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Poverty and Homelessness

Sacramento Mayor Wants To Build 1,000 ‘Tiny Homes' In Next Two Years

Courtesy of Youth Spirit Artworks
An example of a tiny home constructed in Berkeley. Mayor Darrell Steinberg wants Sacramento developers to come up with their own ideas for tiny homes.

Mayor Darrell Steinberg wants to build 1,000 “tiny homes” in Sacramento — and he expects it done in less than two years.

“I want to ask the development community, ‘If you had a little bit of subsidy with existing resources, could you help build us a thousand tiny homes?’” asked the mayor. He revealed his new plan Monday afternoon during a conversation on Insight with Beth Ruyak.

Steinberg proposed dedicating $10 million of the city’s annual housing resources for “project-based vouchers,” or Section 8 housing vouchers, to help pay for the project.

Tiny homes are not a new trend. San Francisco, San Jose, Berkeley and Oakland all plan to build more than 1,000 tiny homes, which can be as small as 150-square-feet and can cost as little as $15,000 to construct.

The idea is a hit with some senior citizens. 

Sandy Hedges is 71 and lives in Citrus Heights. She had been making ends meet with her social security check and by working in an office that determines whether people have disabilities.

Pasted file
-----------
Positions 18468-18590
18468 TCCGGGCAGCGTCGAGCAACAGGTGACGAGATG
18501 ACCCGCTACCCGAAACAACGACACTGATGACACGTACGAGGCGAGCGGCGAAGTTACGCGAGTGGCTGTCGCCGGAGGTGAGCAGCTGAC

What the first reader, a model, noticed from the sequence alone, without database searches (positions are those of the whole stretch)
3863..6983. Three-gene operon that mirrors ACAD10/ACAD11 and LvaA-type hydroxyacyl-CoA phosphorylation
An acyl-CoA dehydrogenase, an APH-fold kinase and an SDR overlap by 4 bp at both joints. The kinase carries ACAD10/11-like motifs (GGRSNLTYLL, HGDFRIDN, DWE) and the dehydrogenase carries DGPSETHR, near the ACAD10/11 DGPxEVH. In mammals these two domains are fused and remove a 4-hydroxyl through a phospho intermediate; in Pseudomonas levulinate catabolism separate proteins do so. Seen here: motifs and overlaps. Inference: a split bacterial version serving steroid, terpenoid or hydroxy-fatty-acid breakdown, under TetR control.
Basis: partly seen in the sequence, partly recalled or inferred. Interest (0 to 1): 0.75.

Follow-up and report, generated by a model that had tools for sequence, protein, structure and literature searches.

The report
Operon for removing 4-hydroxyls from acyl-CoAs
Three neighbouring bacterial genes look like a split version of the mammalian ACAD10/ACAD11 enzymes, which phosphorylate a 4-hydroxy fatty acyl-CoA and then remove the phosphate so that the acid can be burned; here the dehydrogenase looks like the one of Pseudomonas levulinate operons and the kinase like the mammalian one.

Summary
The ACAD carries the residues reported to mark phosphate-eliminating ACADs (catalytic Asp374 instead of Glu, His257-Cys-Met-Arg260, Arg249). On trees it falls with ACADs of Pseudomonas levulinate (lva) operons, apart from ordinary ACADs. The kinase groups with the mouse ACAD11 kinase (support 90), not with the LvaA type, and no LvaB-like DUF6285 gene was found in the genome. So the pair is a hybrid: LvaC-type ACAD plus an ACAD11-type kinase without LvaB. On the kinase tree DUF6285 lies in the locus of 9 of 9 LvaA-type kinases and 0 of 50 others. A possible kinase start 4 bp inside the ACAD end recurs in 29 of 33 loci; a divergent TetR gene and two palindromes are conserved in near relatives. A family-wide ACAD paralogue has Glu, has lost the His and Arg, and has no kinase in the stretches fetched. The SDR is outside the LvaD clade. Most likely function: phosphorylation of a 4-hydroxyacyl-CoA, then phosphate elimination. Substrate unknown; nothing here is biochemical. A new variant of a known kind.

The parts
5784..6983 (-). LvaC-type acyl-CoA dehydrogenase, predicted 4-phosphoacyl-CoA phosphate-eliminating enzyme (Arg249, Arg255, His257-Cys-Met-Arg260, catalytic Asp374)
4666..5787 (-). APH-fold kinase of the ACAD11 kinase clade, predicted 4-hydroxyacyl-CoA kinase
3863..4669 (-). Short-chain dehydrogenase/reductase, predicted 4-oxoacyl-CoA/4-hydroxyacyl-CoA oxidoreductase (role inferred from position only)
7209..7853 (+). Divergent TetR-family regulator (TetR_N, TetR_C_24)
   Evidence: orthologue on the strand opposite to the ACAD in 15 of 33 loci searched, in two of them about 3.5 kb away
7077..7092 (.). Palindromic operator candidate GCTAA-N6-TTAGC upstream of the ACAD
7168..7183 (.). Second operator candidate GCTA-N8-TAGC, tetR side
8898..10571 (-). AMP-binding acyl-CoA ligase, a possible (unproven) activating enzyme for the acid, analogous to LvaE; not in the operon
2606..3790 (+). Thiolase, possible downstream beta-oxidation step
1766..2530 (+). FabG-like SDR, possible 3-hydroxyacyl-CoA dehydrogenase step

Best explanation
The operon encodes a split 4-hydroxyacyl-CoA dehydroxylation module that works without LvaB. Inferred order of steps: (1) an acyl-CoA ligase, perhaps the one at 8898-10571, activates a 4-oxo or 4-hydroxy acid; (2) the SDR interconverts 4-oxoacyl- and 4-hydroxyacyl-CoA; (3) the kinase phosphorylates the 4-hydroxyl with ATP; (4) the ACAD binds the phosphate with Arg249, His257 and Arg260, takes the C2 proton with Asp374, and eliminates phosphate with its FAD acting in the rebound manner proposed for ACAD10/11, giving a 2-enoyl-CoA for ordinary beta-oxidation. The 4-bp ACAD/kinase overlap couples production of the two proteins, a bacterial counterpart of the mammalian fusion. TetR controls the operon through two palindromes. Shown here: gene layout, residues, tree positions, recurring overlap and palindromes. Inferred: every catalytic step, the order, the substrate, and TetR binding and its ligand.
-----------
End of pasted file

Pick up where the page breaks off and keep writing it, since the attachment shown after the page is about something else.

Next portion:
Hedges said she was laid off and her unemployment checks will expire within two months. She's now worried about paying her bills after that. 

"I do know that I am getting up there [in age], and I do need to start planning for a lower rental situation," she said. "Right now, over half my social security goes for the rent."

Whether tiny homes, efficiency housing units, modular homes or stacked units, a smaller option could help Hedges. Most of them are “small, 300-square-feet” and affordable, Steinberg explained.

Funding for the tiny homes would be part of the mayor’s larger, billion-dollar equity capital fund, which he announced plans for during his State of the City speech last week.

This fund would leverage assets such as public land to invest up to $1 billion. The city would ask the private sector to match public dollars to pay for projects, including low-income housing and job training.

Hedges would prefer to buy, but would take renting instead of homelessness. "I don't know if the mayor is talking any kind of program where seniors could be able to buy something affordable or if it's just rentals," she said. 

Steinberg wants developers to tell the city during the next couple months the best way to construct these 1,000 homes. His goal is to complete this tiny-homes project in two years.

“Give us your best ideas,” the mayor said.

For Hedges, the cost to the consumer is key."I'm interested in something affordable," she said. "I hope he has good luck with that because if we already had that, my problems would have been over a few months ago."

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